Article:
Students say they learned how quickly a mission supposedly for the greater good can take an unpalatable detour. They admit that they did not always immediately grasp swift changes to previously outlined rules. They admit that they followed me on Instagram without considering the risk of letting an authority figure (were he so inclined) glimpse their personal lives. They realize that they didn’t ask for details about my plan to eliminate senioritis—that they formed no serious opposition, that they just grimaced when my back was turned and whined lightly in isolation. They cared about their grades, they admit, and they thought I was funny, so they did as they were told.

For these reasons, they always fail the simulation. From their performance, they learn a lesson about their weaknesses. This is also a key lesson from 1984. Understanding it can inform their response to the direction their country might be headed.

A good teacher does not try to firm up an ideological resistance along partisan lines. Instead, a good teacher shows students how to discern clickbait from reported stories and to read both Breitbart and The New York Times, not to keep a balanced personal perspective so much as to examine how media outlets interpret and spin events. In an age when fact-checkers can provide guidance in real time and the internet swells with more information than a person can actually take in, students need to be able to read more than captions and watch clips longer than 10 seconds.

Analytical, communication, and attention deficits are a problem of education but also a social environment that has steadily required less in the way of written and verbal communication, as well as an entertainment industry that has provided content—shorter, faster, brighter, simpler—to suit that shift. Students need to hack through manipulative language, whether it be a bill’s obtuse legalese concealing bigotry or stark campaign declarations loaded with ugly connotations. They need to see books as rich, perpetual gifts to those in need of solace and inspiration, and to know that their fears have been addressed before, in more dire circumstances, and that thinkers from the past can help them anticipate the new guises of the terrors they faced.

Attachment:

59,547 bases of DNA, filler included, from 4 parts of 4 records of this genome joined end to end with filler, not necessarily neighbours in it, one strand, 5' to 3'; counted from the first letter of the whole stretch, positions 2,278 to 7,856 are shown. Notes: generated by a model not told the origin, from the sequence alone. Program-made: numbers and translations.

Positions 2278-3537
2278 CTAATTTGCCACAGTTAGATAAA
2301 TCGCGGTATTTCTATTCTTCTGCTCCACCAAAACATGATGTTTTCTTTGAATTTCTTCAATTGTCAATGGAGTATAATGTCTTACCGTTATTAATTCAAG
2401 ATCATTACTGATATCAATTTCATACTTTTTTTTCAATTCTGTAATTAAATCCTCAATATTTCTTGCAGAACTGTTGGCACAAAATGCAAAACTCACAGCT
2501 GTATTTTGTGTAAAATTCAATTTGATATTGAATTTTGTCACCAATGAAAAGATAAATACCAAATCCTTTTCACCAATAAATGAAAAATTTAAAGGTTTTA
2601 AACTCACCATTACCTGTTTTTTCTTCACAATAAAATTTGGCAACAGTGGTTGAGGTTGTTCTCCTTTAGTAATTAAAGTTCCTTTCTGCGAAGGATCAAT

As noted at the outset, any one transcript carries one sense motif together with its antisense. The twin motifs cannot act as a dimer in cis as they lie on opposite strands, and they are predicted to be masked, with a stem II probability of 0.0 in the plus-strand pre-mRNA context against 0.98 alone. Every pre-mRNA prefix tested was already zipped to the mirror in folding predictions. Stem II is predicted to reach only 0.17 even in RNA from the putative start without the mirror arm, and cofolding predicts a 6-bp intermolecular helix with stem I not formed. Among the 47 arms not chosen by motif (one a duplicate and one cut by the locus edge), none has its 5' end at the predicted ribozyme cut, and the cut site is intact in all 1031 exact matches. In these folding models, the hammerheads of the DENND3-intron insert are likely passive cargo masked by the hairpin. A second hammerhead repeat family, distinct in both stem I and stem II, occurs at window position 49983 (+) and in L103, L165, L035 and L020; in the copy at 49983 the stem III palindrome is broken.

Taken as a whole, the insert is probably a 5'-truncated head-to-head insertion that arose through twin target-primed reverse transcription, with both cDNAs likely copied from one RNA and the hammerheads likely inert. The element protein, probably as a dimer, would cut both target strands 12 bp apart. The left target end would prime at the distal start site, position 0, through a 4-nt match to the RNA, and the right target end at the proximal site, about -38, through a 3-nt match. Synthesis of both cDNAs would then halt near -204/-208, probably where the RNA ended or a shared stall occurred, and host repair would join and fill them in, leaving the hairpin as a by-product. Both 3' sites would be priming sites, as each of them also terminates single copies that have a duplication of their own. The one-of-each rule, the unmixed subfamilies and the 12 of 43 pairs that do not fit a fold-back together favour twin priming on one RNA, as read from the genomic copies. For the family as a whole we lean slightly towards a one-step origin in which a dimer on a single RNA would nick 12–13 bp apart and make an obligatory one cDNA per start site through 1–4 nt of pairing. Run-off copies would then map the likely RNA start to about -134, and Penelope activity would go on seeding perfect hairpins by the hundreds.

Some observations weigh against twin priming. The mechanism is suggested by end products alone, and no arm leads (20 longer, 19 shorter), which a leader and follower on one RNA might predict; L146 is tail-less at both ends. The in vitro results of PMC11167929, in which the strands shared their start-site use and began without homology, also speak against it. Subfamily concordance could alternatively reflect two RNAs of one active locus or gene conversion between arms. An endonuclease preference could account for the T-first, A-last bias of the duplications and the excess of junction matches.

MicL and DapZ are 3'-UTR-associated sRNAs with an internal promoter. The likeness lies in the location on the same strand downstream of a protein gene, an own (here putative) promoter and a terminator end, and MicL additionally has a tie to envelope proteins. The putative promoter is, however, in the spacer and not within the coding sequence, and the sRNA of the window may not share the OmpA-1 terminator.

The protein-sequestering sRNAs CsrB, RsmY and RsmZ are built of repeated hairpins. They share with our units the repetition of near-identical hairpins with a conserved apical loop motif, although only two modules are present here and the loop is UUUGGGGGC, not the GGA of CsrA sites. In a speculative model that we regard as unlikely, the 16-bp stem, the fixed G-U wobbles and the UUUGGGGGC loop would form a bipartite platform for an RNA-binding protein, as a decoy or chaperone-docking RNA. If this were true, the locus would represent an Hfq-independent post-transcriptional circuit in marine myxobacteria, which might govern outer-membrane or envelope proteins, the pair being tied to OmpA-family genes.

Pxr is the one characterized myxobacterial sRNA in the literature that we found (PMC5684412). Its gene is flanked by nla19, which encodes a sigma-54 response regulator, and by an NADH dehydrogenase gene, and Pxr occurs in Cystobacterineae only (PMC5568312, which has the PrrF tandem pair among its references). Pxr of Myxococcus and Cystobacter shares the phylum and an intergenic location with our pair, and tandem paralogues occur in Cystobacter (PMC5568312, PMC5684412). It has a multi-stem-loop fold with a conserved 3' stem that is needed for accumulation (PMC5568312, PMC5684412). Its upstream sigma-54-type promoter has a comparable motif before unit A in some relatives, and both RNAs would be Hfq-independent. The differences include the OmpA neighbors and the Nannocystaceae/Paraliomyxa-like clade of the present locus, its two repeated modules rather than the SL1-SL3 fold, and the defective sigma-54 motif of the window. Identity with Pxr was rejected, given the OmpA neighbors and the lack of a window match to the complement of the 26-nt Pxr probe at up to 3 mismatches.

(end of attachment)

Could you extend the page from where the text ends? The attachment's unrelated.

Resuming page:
I am ecstatic to be a teacher at this time in American history. I have a responsibility—not to transform every liberal parent’s progeny into a slightly sharper copy or radicalize future voters skeptical of politics, but to shore up their critical faculties, to make them more skilled readers, writers, and thinkers. And to also make them decent, compassionate, alert, engaged truth-seekers, neither callous, fearful Party enablers nor complacent, dead-eyed Proles who poke their iPhones and scoff at memes and chirp their discontent in brief blips of coherence. Bravery is something that people can be taught. Books may be the best teachers for what to do when the fireworks veer too close. They show students how to write their own appendix to a sad chapter that feels final. My 12th-grade classes are reading 1984. And, in an essay for another day, my ninth-grade class is halfway through To Kill a Mockingbird. Former high-schoolers who did their reading probably don’t need that story’s relevance explained.

In December 2015, a student reacted angrily when I wondered if the average social-media-enthralled 17-year-old in 2015 might not possess the reading and writing proficiency of her 1965 counterpart. I was asking students if, as with the Newspeak-besieged citizens of Oceania in 1984, a struggle to unravel and communicate complex ideas could result in the gradual erosion of those ideas themselves. It’s just different now, not worse, the student said. With the bell, 10 minutes later, she breezed toward the door. Over her shoulder, she shouted, sprightly and confident, that classes shouldn’t have to read 1984. It was too long, too confusing, and too full of words no one used anymore. Nothing that has happened in the past 365 days has made me more afraid and emboldened than that. [END]


From: The Atlantic

Webpage: Teaching 1984 in 2016 | NOV 20, 2016

Author: ANDREW SIMMONS